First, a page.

When Britain voted to leave the European Union in 2016, needing a permit to enter Kent wasn't exactly the kind of radical change anyone had in mind.
And yet, under new rules announced by Michael Gove and coming into effect next year in the instance of a no deal Brexit, lorry drivers will need a Kent Access Permit (KAP) to enter the county if they're delivering more than 7.5 tonnes of goods to be ferried to EU countries.
The point of the permit, according to the government, is to try to stop enormous queues of lorries from forming in front of the English Channel.
But the plan has been ridiculed as "pointless and probably counterproductive" by road haulage groups and likened to an "honesty box system" as KAPs will allegedly be issued to all lorry drivers who claim their paperwork is in order, without any further checks.
People are also very amused by the idea of there being a 'border' around Kent.
Obviously, there won't legally be a border and Kent isn't actually leaving the UK, but the parallels are there.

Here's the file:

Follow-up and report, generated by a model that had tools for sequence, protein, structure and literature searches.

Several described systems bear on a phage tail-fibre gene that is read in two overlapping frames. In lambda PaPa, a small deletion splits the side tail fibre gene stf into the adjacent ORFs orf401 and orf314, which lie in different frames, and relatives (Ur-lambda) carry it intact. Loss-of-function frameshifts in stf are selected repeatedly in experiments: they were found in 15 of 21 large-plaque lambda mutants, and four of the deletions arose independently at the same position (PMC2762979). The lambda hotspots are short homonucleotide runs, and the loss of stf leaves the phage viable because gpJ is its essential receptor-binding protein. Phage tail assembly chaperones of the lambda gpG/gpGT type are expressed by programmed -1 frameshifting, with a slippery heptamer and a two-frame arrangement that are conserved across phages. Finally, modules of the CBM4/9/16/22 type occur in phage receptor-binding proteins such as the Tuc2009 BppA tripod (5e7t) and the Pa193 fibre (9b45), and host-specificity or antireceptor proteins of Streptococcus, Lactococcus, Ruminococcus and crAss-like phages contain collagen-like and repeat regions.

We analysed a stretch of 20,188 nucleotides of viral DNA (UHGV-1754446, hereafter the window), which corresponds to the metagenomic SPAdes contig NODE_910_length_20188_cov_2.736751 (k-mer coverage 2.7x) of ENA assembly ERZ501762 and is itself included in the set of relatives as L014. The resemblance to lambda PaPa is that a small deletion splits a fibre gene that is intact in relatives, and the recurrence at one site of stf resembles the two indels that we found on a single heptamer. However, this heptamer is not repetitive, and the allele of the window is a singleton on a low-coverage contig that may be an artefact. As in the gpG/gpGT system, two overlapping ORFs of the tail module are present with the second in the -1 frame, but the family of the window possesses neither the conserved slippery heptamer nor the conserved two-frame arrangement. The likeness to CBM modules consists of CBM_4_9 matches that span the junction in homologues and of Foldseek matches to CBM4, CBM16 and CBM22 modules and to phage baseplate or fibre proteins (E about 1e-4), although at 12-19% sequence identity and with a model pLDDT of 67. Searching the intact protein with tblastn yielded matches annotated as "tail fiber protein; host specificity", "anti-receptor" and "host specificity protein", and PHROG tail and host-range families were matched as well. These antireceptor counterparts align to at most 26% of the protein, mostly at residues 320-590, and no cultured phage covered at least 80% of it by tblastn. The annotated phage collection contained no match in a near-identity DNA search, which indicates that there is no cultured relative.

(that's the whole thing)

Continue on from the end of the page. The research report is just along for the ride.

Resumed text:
Who knew that Brexit actually means... Kentxit?
The government is being mocked for creating a "bureaucratic bonanza".
Surely this isn't what anyone voted for?
Gove's emergency no deal planning will come into effect if the UK can't negotiate a Brexit deal with the EU by the end of the transition period on 31 December.
This is looking increasingly likely as the government seeks to "rip up" parts of their initial agreement with the EU by pushing the Internal Markets Bill through parliament. In doing so, they will break international law.
But really, we only have ourselves to blame.
Because when Boris Johnson repeatedly said he has an "oven ready Brexit deal" ahead of December's general election, what we obviously should have heard is 'we're going to rip up our agreement with the EU and crash out anyway, and throw a de facto border around Kent in the process'.